Legal Roundup: PepsiCo Faulted for Plastic River Trash, Toyota on the Hook for Lending Abuse, and More

A look at the latest legal filings and their potential impact on the insurance industry.
By: | December 7, 2023

New York State Sues PepsiCo Over Plastic River Trash

The Case: New York state has sued PepsiCo over plastic trash clogging up the Buffalo River.

The state said that it did a survey of waste in the river and found that trash from PepsiCo products was most prominent, driving water contamination and harming wildlife, according to the BBC. The lawsuit also challenges PepsiCo’s environmental claims, asserting that the company has been increasing its use of plastics, despite claiming the opposite publicly.

Scorecard: The case has recently been filed and has not reached a resolution.

Takeaway: Despite PepsiCo proclaiming its commitment to reducing plastic use, it is now under scrutiny for potentially misleading the public about its environmental efforts and the risks of its plastic packaging.

While there’s no telling how the case will turn out, it’s a reminder that businesses must be genuinely committed to their environmental pledges, as discrepancies between public statements and actual practices can lead to legal and reputational risks.

Companies should ensure that their environmental initiatives are transparent and verifiable to avoid accusations of greenwashing. The lawsuit also reflects a growing trend of governments demanding environmental accountability from companies.

Cannabis Employee’s Family Sues for Negligence After Asthma Death

The Case: The family of Lorna McMurrey has sued her former employer, cannabis company Trulieve. McMurrey had a fatal asthma attack in January 2022 that the family has linked to her working conditions at Trulieve’s marijuana production facility.

According to her family’s attorneys, McMurrey worked in the facility’s “pre-roll” production room where “the cannabis dust and mold from the cannabis covered workers from head to toe.”

They claim it led to two asthma attacks, the first in November 2021, with a second, fatal attack following two months later.

The lawsuit alleges that despite being aware of her initial attack, Trulieve failed to take protective measures. The plaintiffs allege “negligence, gross negligence, recklessness and willful and wanton misconduct against Trulieve,” Boston 25 reports.

Scorecard: The case has recently been filed and has not yet reached a resolution.

Takeaway: Businesses, especially in emerging industries like cannabis, must prioritize worker safety. It also underscores the necessity to respond proactively to any health incidents in the workplace, implementing immediate measures to prevent recurrence. Implementing medical surveillance and health monitoring can help, too.

Toyota to Pay $60 Million to Settle Charges of Lending Abuse

The Case: Toyota Motor Credit, the lending arm of Toyota was charged by the U.S. Consumer Financial Protection Bureau (CFPB) for its financing operations. The core issue involved “add-on” products in car loans, which significantly increased monthly payments for buyers, according to Reuters.

These products, ranging from $700 to $2,500 per loan, were intended to provide various protections for the vehicle and the owner. The CFPB’s investigation revealed that thousands of borrowers had difficulties canceling these unwanted bundles. Many complained of being misled by dealers about the mandatory nature of these products, or being rushed through paperwork without fully understanding the costs involved.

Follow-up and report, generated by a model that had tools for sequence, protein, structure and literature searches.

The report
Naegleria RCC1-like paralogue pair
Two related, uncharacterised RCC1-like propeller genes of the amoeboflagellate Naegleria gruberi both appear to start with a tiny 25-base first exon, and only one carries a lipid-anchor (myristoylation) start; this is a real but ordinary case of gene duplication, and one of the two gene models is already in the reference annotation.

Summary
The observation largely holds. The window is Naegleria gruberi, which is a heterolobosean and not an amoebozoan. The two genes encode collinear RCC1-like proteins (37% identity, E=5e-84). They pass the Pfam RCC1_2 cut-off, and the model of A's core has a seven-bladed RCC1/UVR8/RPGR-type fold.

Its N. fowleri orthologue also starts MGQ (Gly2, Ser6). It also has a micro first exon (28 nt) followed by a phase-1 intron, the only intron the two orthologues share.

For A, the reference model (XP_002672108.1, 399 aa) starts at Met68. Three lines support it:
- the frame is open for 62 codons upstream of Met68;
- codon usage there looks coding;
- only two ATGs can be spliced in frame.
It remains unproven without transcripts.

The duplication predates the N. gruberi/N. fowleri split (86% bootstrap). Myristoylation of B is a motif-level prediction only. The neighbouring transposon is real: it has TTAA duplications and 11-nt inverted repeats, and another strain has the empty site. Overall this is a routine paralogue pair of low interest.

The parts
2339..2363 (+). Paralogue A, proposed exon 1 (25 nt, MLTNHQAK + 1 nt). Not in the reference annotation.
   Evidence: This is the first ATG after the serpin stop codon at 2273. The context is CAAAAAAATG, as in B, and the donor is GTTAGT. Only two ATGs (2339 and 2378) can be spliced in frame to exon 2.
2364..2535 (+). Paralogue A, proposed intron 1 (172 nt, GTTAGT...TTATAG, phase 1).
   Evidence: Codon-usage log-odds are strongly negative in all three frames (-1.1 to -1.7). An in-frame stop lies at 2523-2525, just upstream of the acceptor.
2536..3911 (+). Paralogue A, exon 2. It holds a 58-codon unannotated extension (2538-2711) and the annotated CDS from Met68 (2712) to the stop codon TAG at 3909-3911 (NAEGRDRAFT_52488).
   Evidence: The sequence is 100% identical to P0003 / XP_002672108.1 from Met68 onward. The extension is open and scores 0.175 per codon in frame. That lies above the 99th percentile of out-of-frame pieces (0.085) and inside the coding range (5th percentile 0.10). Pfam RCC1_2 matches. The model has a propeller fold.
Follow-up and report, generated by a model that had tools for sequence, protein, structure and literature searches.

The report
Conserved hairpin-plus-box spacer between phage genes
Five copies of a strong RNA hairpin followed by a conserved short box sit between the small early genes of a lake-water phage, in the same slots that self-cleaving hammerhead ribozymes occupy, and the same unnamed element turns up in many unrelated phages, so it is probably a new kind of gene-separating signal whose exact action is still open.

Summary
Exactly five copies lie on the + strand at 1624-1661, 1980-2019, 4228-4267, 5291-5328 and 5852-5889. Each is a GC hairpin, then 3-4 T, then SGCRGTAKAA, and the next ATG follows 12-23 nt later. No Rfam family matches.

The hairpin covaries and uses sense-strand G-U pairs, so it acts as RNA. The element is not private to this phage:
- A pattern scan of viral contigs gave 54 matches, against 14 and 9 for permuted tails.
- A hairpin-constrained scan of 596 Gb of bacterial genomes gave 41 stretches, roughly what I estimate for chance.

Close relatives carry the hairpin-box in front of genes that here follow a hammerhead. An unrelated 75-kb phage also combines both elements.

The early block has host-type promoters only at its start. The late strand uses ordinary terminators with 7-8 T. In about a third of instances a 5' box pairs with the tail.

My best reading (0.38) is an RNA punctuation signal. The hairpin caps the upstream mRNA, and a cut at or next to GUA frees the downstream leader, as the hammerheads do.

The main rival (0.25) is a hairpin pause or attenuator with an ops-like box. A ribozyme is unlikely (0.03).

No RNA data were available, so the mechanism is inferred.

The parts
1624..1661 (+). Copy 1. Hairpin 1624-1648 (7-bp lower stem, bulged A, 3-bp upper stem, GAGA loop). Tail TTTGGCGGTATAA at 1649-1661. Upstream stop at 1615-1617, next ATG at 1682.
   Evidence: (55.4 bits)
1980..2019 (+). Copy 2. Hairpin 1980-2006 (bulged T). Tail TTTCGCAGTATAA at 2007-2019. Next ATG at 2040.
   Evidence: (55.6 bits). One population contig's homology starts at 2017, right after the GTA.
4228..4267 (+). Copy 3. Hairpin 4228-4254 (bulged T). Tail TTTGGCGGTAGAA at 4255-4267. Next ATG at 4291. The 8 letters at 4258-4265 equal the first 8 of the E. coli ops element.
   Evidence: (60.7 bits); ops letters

Additionally, Toyota Motor Credit was accused of making the cancellation process extremely cumbersome and of incorrectly reporting missed payments to credit agencies, adversely affecting over 27,500 borrowers’ credit reports.

Scorecard: Toyota Motor Credit has agreed to settle the charges by paying a total of $60 million — $12 million for a civil fine and $48 million in compensation to car buyers affected since 2016. Toyota did not admit or deny liability.

Takeaway: Companies must ensure transparency in their sales practices, particularly in the context of add-ons and optional services. It is crucial that customers fully understand the terms and costs of any additional products or services. Also, businesses should provide straightforward cancellation processes.

Texas Sues Pfizer and Tris Pharma Over Ineffective ADHD Drug for Medicaid

The case: The State of Texas has filed a lawsuit against Pfizer and Tris Pharma, accusing them of providing compromised ADHD medication Quillivant XR to a Medicaid program for children from low-income families.

The core allegation is that from 2012 to 2018, both companies were aware of manufacturing deficiencies that reduced the drug’s effectiveness, according to Fierce Pharma.

The lawsuit claims they manipulated quality-control tests to ensure the drug received passing grades, despite numerous complaints from families about its ineffectiveness. According to Texas, tests indicated that Quillivant XR did not dissolve correctly, impairing its release into the body.

Pfizer, in response, stated that an examination of these allegations found no impact on the product’s safety and intends to move to dismiss the case.

Scorecard: The case has recently been filed and has not reached a resolution.

Takeaway: The legal proceedings will focus on whether Pfizer and Tris Pharma knowingly provided ineffective medication to a vulnerable population and manipulated quality-control processes. The outcome will be critical in determining the accountability of pharmaceutical companies in ensuring the efficacy and safety of their products. &

Jared Shelly is a journalist based in Philadelphia. He can be reached at [email protected].

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